It seems like a bad idea from the outset, an accident or incident waiting to happen.

Also, I find very hard to believe the figure quoted from Arizona that 77% of those completing a court ordered rehab program have successfully kicked their drug habit. I don't know of any figures like that from ANY rehab facility.

While I am hugely in favor of rehab -v- prison, I think it needs to be grounded in some evidence-based programs. Also, in a bit of in reality.

The entire article seems suspect.

Anonymous said...

Private prisons are not the way to go! A company in business only looks at the bottom line where the $ sign is and if too low the cuts begin. These companies are there for profit. If there is no profit, the first and foremost options are to cut services given to those who need them the most.

The health care in TDCJ is already so bad, people are dying, not get medical care for chronic problems and acute conditions this should never happen. These are people and should be treated as people, humans, Children of God and do not deserve the abuse dealt out by some guards. Those guards who tend to mistreat others, have problems themselves and have sometime in their lives been mistreated. Thus, why does TDCJ not require a psychological evaluation before hiring anyone? Especially someone from South America! This is absolutely insane.

Private prison companies are there for one purpose, to make money and if they do not see a profit, they tend to start reducing servies to Inmates who already are abused. They are there because of something they did outside the law and not to be abused and mistreated, that is not part of the punishment.Abuse is not part of their punishment, being away from their families, lives and jobs is punishment enought, stop the abuse!!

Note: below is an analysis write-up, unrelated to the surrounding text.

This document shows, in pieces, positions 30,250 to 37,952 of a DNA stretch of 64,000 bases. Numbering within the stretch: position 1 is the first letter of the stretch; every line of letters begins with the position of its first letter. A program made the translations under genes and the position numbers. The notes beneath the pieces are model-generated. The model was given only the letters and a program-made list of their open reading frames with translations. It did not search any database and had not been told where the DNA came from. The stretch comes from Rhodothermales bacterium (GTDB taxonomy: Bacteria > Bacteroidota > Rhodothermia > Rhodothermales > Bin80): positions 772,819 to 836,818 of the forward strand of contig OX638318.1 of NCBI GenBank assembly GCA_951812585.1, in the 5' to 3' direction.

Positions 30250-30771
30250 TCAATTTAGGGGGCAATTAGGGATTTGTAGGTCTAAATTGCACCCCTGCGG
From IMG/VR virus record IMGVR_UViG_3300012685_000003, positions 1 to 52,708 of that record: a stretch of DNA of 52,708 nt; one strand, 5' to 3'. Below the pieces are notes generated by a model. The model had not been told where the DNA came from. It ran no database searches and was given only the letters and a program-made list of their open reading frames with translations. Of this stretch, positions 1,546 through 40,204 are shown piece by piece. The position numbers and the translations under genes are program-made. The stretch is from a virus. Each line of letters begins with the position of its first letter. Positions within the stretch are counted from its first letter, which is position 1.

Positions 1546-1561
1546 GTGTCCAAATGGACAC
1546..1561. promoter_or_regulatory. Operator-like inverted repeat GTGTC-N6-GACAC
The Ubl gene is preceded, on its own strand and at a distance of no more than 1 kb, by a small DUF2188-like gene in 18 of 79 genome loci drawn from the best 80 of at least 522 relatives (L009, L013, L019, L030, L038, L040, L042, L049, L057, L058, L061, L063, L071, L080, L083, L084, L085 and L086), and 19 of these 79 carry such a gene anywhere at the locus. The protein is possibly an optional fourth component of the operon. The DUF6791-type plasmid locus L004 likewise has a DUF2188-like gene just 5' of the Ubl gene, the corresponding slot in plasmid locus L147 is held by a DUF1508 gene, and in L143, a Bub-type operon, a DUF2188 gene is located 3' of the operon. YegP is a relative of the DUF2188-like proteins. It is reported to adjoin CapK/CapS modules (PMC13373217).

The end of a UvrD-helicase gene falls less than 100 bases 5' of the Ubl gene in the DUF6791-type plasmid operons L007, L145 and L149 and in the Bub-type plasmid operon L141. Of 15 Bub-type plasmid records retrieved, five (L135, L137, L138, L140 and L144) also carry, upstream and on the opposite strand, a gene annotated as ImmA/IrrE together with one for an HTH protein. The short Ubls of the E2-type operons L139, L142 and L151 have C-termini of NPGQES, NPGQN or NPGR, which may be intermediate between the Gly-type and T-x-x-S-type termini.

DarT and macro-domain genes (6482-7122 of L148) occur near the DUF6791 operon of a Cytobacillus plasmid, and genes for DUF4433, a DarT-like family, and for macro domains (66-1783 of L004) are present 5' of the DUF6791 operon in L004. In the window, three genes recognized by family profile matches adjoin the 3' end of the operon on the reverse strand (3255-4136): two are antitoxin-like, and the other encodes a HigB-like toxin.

Lege, do not hire private companies to oversee our prisons!!

Anonymous said...

Private prison operators are required by contract to operate according to the policies of the detention agency. The prisons are regularly audited and there are severe financial penalties for non-performance. The majority of executives in private prison companies come from the public sector.
What passes for 'journalism' these days, and what bloggers rely on, is the Internet, the greatest proponent of bad information existing today. The rehashing of inaccurate reports, instead of real investigation, perpetuates these inaccuracies.
To continue to report that the inmates in Reeves County rioted because of poor medical care is wrong. These reports are false. The media used 'information' from a few inmates and families, (a handful out of more than 2,000 inmates) and now that bloggers have repeated these stories instead of doing research, everyone is accepting these stories as gospel truth. One day the real truth will come out.
Part of that truth is that the inmates at Reeves County - and illegal immigrants detained in any facility - get better health care than you do, and get it for free. Something free is often devalued and overused, because it is free. No one reading this blog gets free health care, and if you do, it is certainly not to the extent prisoners receive.
If the government could eliminate waste, streamline, and be held as accountable as private operators, they could do the job for the money that private operators receive.
Everyone acts like free enterprise is a sin, but I would imagine that many readers owe their employment to the free enterprise system.

Anonymous said...

11:12 - What is the truth about what did and is now happening at Pecos? Has anyone other than law enforcement officials been allowed inside to see or speak to the inmates? If you have first hand knowledge, please, I would like to hear it.

Anonymous said...

There has never been a generalizable study that concluded private prisons offer cost savings or better conditions of confinement than public facilities.